PAW Patrol: Brave Heroes, Big Rescues
Paramount // Unrated // $14.98 // March 1, 2016
Review by Randy Miller III | posted March 28, 2016
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Graphical Version

PAW Patrol is one of Nick Jr.'s most popular new shows aimed at the kindergarten and elementary school set, packed with all the harmless action and cornball jokes that kids and immature DVD reviewers can't help but snicker at. Brave Heroes, Big Rescues is the fifth themed collection of PAW Patrol episodes, and it doesn't really change anything about the show's formula or characters. Most episodes go like this: the six PAW Patrol canines (klutzy firefighter Marshall, aquatic expert Zuma, construction oaf Rubble, police officer Chase, recycling guru Rocky, and high-flying Skye) kill time until a citizen yelps for help, while ten-year old handler Ryder waits back at high-tech HQ with a curiously accurate animated breakdown of the situation before sending his pups to the rescue. At no point is it explained how their operation is funded, or why Marshall can heat up the siren on his fire engine to look for a lost backpack.

As with past volumes (including the last one, Meet Everest) this 92-minute collection feels a little skimpy. Six episodes are included here: "Pups Save Jake", "Pups Save the Parade", "Pups Save a Mer-Pup", "Pups Save a Friend", "Pups Save a Stowaway", and "Pups Bark With Dinosaurs", all of which originally aired as part of the show's second season during 2014-15. They're presented more or less in random broadcast order, and the newest of the bunch ("Pups Bark With Dinosaurs", one of two "double-length" or 22-minute episodes) is over six months old already. That's odd, considering PAW Patrol is a few months into its third season and this loose collection of episodes has no obvious theme that would prevent newer episodes from making the cut. Either way, the real first-world problem here is that four of the included six episodes are standard 11-minute shorts, which brings down the "bang for your buck" value of this disc. A lesser kids' show probably wouldn't get away with it, but $15 for 90 minutes of entertainment is a stiff price for all but the most enthusiastic fans. Aren't poor parents shelling out enough for the toys already?

After a few ads, warnings, and logos, Paramount's DVD opens with colorful menu designs that are easy to use...but honestly, do we really need four separate selection screens for seven episodes? This one-disc release arrives in an eco-friendly blue keepcase with a matching slipcover and two promotional inserts. No bonus features are included.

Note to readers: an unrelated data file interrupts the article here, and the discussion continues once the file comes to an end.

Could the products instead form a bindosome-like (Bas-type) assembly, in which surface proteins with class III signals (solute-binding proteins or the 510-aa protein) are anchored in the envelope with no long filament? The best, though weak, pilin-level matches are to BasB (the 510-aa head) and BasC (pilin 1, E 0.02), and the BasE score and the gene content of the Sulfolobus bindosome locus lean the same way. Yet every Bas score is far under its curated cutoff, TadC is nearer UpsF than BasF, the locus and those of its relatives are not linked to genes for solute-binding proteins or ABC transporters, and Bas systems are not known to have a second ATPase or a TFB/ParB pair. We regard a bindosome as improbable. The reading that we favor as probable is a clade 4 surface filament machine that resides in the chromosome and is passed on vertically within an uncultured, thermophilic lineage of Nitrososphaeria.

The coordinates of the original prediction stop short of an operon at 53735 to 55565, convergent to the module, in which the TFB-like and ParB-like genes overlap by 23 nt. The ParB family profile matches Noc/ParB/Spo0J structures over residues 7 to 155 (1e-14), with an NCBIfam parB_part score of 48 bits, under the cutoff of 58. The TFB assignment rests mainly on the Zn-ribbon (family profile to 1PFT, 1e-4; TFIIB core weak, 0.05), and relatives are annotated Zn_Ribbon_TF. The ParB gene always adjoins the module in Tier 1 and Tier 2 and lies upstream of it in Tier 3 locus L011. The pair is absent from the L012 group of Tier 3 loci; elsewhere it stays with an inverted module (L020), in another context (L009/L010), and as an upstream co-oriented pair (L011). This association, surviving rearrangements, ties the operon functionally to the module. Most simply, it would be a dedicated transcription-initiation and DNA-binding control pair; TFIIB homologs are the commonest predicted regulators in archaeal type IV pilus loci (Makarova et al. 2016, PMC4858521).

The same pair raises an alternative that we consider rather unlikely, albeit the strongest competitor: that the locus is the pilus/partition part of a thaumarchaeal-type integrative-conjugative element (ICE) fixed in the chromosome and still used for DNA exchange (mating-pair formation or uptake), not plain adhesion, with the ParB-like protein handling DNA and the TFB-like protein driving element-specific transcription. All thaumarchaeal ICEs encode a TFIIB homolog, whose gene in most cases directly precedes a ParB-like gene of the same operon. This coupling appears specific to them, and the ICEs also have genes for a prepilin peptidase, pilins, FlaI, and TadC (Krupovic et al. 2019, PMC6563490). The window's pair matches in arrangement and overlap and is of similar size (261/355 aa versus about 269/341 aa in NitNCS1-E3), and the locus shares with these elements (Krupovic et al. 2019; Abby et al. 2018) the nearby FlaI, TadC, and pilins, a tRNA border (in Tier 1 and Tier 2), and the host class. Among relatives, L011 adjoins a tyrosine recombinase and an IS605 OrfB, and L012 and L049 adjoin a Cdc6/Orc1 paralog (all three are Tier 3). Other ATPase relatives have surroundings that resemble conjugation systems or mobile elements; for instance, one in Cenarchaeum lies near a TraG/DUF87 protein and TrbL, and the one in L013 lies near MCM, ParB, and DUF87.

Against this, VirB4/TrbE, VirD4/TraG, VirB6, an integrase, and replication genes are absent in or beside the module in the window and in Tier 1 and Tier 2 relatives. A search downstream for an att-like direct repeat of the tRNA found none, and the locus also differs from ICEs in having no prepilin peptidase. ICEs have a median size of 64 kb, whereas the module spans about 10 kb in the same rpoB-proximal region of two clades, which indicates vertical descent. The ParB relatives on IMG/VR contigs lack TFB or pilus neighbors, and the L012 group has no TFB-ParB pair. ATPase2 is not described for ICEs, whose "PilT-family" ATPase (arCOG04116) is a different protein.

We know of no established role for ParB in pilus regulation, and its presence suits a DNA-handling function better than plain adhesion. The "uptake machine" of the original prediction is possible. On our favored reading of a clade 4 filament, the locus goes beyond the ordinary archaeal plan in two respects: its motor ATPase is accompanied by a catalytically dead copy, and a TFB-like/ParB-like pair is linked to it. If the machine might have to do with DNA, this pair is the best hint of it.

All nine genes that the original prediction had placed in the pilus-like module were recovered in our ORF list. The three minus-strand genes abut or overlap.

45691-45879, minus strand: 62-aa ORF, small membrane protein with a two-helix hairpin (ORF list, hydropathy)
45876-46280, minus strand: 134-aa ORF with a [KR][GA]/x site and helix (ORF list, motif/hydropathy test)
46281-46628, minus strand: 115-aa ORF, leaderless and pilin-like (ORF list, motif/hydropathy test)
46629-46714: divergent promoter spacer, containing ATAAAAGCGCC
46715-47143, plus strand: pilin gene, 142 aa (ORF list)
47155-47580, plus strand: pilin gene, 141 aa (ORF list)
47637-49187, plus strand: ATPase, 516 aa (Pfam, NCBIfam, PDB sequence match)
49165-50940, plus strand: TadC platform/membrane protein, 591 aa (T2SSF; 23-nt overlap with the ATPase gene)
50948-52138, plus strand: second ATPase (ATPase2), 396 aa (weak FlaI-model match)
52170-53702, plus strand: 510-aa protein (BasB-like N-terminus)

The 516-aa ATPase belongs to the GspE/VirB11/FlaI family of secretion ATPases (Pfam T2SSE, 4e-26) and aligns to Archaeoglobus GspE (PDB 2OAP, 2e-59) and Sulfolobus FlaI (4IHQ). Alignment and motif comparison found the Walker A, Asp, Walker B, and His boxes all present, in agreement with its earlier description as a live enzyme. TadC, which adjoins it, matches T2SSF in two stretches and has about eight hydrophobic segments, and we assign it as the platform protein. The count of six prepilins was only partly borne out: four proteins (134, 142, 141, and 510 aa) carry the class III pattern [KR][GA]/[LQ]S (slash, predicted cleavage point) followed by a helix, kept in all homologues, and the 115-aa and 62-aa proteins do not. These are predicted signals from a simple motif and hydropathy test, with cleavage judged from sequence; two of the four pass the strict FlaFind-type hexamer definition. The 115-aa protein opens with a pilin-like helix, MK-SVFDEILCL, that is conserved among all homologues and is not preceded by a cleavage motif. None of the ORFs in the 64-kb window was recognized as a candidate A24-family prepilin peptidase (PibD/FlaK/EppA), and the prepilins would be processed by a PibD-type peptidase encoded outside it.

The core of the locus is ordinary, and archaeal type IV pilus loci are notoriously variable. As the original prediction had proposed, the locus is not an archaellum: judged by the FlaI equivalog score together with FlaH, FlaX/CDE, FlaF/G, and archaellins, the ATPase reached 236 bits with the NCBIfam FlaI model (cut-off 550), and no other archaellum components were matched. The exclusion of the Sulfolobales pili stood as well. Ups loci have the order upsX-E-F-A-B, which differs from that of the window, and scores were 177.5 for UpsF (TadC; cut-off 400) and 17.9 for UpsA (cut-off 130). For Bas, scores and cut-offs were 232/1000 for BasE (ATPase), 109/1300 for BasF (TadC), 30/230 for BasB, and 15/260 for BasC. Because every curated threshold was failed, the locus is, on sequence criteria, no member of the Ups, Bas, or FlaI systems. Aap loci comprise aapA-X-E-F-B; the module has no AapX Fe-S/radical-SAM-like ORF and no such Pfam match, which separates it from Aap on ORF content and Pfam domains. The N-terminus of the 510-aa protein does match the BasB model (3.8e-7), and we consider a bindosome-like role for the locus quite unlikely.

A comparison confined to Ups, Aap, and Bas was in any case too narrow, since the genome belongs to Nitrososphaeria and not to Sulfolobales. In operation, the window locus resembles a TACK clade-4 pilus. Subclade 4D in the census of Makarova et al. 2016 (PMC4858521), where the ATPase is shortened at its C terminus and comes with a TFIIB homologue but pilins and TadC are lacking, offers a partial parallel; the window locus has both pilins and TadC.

Quality Control Department

Video & Audio Quality

Since PAW Patrol was created in HD and is less than three years old, it's no surprise that Brave Heroes, Big Rescues looks uniformly strong on DVD with bright colors, strong image detail and a pleasing amount of texture on the characters and backgrounds. All episodes are presented in their original 1.78:1 aspect ratios, which showcase PAW Patrol's eye-catching visual design and compositions. The stylized color schemes are vivid with no obvious bleeding, while shadow detail and black levels are consistent from start to finish. Small amounts of banding can be seen along the way, but that's expected for standard definition releases and may very well be a source material issue. Overall, this is one of the best-looking Nick Jr. DVDs in recent memory, and it's almost a shame there's no Blu-ray option.


DISCLAIMER: These compressed and resized screen captures are decorative and do not represent this title's native 480p resolution.

The audio is presented in Dolby Digital 5.1 and sounds fine under the circumstances. Dialogue is crisp without fighting for attention, while a modest amount of channel separation gives song-driven moments and action sequences a decent amount of punch. My only mild complaint is that the volume levels are cranked a little high, particularly during the theme song; music-buying parents might agree that the term "brickwalled" applies here. But it's doubtful that this problem is exclusive to the DVD, so it's impossible to punish the wrong culprit. Unfortunately, no English subtitles or Closed Captions have been offered during any of these seven episodes, but optional French and Spanish dubs are advertised on the packaging. Again, there aren't any bonus features on board, which isn't surprising.

Final Thoughts

Despite my continued dislike of Nick's molasses-like DVD release strategy for popular shows like PAW Patrol (90 minute volumes twice a year?) and the absence of a Blu-ray option, Brave Heroes, Big Rescues is another decent collection of fun episodes that young fans should enjoy. The A/V presentation is quite good for standard definition, and the general lack of extras isn't surprising at all. "All or nothing" fans who don't want a disc might want to look into Amazon's HD streaming (it's available by the season too); otherwise, parents could do a lot worse. Recommended.


Randy Miller III is an affable office monkey by day and film reviewer by night. He also does freelance design work, teaches art classes and runs a website or two. In his limited free time, Randy also enjoys slacking off, juggling HD DVDs, and writing in third person.


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